Alexis Brown, University of Sheffield (UK):
On the Natural History of Destruction: W.G. Sebald and Writing Historical Absence
Julia Watson, Ohio State University (US):
Dementia, Interrogatory Comics, and Somatic Revenge: Miriam Katin’s Letting It Go
12:30 Catered lunch at the graduate school
14:00-15:30, chair: Nina Schmidt
Katja Garloff, Reed College, Oregon (US): Reading the Korsakoff Syndrome: Holocaust Remembrance in Doron Rabinovici’s Novel Ohnehin
Sue Vice, University of Sheffield (UK): The Intersection of the Holocaust and Dementia in Josh Appignanesi’s film Ex Memoria and Lisa Appignanesi’s memoir and fiction
15:30 Coffee and tea, fruit, cake
16:00-17:30, chair: N.N.
Nina Schmidt, Freie Universität Berlin:
The Return of ‘Väterbücher’? Crossing Dementia and the National Socialist Past in Tilman Jens’s Demenz (2009) and Arno Geiger’s Der alte König in seinem Exil (2011)
Alastair Morrison, University of Southern Denmark / Syddansk Universitet:
Limits of Memory, Borders of Welfare: Merethe Lindsrøm’s Dementia Fiction
18:30 Dinner at a restaurant in Berlin-Dahlem
Saturday, September 15, JK 33/112
10:30-12:00, chair: Sue Vice (refreshments served in conference room)
Kristina Lucenko, Stony Brook, New York (US):
Interdependence and Rhetorical Listening in Susan Faludi’s In the Darkroom
Raquel Medina, Aston University (UK):
Alzheimer’s Disease and the Fight against Forgetting the Atrocities of the Argentinean Dirty War in El tiempo suspendido (Time Suspended, 2015)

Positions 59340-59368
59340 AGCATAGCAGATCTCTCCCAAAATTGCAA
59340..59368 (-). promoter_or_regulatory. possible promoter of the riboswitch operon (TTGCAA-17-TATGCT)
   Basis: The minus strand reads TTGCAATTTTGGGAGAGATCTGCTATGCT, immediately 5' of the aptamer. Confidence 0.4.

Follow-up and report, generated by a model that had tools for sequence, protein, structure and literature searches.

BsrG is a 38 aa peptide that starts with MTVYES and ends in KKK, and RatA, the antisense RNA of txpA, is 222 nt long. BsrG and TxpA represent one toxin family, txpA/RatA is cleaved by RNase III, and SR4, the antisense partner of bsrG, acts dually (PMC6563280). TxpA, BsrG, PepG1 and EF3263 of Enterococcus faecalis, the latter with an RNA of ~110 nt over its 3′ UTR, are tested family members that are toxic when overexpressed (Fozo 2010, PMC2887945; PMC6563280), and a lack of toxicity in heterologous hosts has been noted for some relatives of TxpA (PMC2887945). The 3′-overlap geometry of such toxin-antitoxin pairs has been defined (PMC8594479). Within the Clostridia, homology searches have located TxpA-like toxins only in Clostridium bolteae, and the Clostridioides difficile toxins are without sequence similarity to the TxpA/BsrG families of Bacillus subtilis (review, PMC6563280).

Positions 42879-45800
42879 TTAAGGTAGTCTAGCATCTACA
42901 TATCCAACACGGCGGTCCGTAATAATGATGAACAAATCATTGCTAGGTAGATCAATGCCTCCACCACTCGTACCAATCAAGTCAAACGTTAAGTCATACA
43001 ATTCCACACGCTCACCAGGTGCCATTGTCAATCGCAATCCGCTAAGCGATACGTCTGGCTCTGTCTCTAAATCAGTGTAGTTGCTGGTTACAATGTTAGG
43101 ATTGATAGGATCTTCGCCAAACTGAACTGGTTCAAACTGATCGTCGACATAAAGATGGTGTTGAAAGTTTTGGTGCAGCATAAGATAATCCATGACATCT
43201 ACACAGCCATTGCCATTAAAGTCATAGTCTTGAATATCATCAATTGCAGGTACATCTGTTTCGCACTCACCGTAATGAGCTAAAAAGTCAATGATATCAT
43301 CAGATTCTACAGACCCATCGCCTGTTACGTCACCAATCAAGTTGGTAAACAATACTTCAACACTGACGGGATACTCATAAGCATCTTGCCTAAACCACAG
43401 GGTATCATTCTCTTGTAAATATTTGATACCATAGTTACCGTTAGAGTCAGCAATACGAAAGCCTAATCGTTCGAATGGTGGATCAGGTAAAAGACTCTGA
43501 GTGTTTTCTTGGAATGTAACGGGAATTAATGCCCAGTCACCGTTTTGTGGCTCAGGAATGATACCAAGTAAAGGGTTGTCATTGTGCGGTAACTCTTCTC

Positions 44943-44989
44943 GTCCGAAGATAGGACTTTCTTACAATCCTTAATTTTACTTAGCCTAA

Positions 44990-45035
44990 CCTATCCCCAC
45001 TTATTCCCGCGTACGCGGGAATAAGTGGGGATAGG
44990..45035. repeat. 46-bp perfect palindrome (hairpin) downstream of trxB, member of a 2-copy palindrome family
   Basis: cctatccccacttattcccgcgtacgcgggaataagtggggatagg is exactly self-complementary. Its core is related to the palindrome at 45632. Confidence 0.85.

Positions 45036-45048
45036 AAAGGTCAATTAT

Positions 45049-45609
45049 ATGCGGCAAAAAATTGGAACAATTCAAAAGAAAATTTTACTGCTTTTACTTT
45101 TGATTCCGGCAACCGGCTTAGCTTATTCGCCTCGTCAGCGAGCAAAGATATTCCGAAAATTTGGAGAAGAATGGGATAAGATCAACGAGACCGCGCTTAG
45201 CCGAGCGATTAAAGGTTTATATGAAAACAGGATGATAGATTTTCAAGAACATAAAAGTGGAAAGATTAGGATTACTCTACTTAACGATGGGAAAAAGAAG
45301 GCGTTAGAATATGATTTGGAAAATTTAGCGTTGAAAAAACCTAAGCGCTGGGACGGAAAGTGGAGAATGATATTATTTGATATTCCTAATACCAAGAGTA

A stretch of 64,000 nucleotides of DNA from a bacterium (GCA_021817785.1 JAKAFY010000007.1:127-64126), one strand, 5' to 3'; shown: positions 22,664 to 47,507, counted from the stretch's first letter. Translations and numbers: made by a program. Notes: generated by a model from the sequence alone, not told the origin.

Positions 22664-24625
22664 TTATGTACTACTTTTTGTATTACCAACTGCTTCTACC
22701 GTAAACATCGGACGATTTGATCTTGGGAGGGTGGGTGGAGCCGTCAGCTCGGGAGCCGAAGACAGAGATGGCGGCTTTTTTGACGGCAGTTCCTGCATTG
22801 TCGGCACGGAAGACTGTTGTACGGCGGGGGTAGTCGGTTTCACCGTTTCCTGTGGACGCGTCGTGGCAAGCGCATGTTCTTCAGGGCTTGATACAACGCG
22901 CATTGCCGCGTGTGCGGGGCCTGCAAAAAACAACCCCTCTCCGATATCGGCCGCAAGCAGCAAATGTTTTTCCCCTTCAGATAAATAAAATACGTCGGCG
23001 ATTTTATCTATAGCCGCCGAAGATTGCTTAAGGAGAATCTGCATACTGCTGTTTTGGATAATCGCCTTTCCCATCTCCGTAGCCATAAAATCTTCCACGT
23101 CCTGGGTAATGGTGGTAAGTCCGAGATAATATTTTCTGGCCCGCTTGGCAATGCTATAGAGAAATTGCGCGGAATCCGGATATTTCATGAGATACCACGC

12:15 Final Discussion, followed by sandwiches / fingerfood
Registration for auditors is free but there is limited seating.
We take registrations between 1-15 August (email: firstname.lastname@example.org); you’ll hear back from us by the end of August.
Dana Walrath’s keynote on the Thursday is free and open to all; no registration required.
Workshop convenors: Irmela Marei Krüger-Fürhoff (Freie Universität Berlin), Nina Schmidt (Freie Universität Berlin), Sue Vice (University of Sheffield), email@example.com.
The workshop is organised by the PathoGraphics research team at Freie Universität Berlin, Friedrich Schlegel Graduate School of Literary Studies: www.fsgs.fu-berlin.de/pathographics
Redaktion: Constanze Baum – Lukas Büsse – Mark-Georg Dehrmann – Nils Gelker – Markus Malo – Alexander Nebrig – Johannes Schmidt
Diese Ankündigung wurde von H-GERMANISTIK [Alexander Nebrig] betreut – firstname.lastname@example.org